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I have a Flash based game for the browser which sends users' scores to a php backend script which stores the score and the user id in the database.

Now I have a url like

The problem is that this is very much exposed to an intelligent user, and he can use this url to store whatever score he wants in the DB. Also there's no real user authentication, and I don't intend to have one either, because it's really a tiny game.

How can I stop someone from calling the above url and updating his score on his own.

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up vote 2 down vote accepted

You might want to read about the "Marblecake" hack of an online polling system.

Substitute the concept of "submitting a vote" with "submitting a score" and you'll see that any client-side control is bound to fail.

While a good step might be to encrypt the score or use an HMAC to prevent tampering, your encryption will be done in the Flash client and the Flash app can be reverse-engineered for the key (it increases the effort required to cheat, but won't prevent cheating).

In order to minimize cheating, you'd have to move the scoring logic to the server and you'd have to run sanity checks or otherwise validate players' actions; otherwise, the approach to cheating would be executing invalid actions that lead to more points rather than just reporting the final score. (That last bit is vague since it's not clear what kind of game this is.)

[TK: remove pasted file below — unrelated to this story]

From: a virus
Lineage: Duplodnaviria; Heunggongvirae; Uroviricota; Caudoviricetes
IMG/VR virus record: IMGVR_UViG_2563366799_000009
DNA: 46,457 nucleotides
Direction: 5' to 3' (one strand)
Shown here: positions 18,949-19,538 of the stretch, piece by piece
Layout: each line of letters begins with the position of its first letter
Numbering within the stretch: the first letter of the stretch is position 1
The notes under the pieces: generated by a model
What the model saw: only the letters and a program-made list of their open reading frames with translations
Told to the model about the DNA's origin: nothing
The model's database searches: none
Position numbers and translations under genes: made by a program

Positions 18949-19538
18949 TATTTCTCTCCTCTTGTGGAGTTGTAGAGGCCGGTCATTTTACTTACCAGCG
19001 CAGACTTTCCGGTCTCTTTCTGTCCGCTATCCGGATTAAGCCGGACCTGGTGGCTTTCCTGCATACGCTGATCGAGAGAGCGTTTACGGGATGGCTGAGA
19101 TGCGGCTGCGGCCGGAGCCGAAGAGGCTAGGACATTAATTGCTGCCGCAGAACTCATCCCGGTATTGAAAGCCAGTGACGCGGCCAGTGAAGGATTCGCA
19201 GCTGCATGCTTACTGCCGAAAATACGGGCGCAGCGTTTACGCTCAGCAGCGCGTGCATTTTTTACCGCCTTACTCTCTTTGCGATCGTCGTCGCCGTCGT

At the very least, you should be able to tie score updates to a specific user so that cheaters can only affect their own score and not others'. I can only think of ways to bound the effect of cheating, such as rate limiting so that if an average game is N minutes, the server only accepts around 60/N score updates per hour . Or use some other metric/time period. But for what you describe as a tiny game that's probably not worth the effort -- especially since it only bounds the problem, it doesn't solve it.

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You can't.

This isn't a question of CSRF anymore. Because you don't have any authentication whatsover, anybody on earth can update everybody else's score. There is just no way to prevent that from happening.

If you are concerned about security, authenticate the user. That will atleast prevent an attacker from updating scores en masse.

Then, fix your CSRF problem. With each of those urls, you need to append a unique token.

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Thanks for the reply. Ya I kind of figured that it's not really a CSRF problem. I need to alter my question to this: If I need to send data from my flash app to my server, whats the best way of safe guarding it so that not just anyone can send valid data on their own? I figure I can encrypt my the data that the flash app sends and then decrypt it at the backend and update my DB only if it valid. This is with the assumption that an intelligent user can't still figure out how I am encrypting the data. – Paganwinter Sep 17 '10 at 8:12
The only way to do that is to authenticate your users with a loginid/password. Encrypting the data is not a solution, because if you have to store the key in the flash swf file, and an intelligent user can easily extract that key from the file. – Sripathi Krishnan Sep 17 '10 at 20:12

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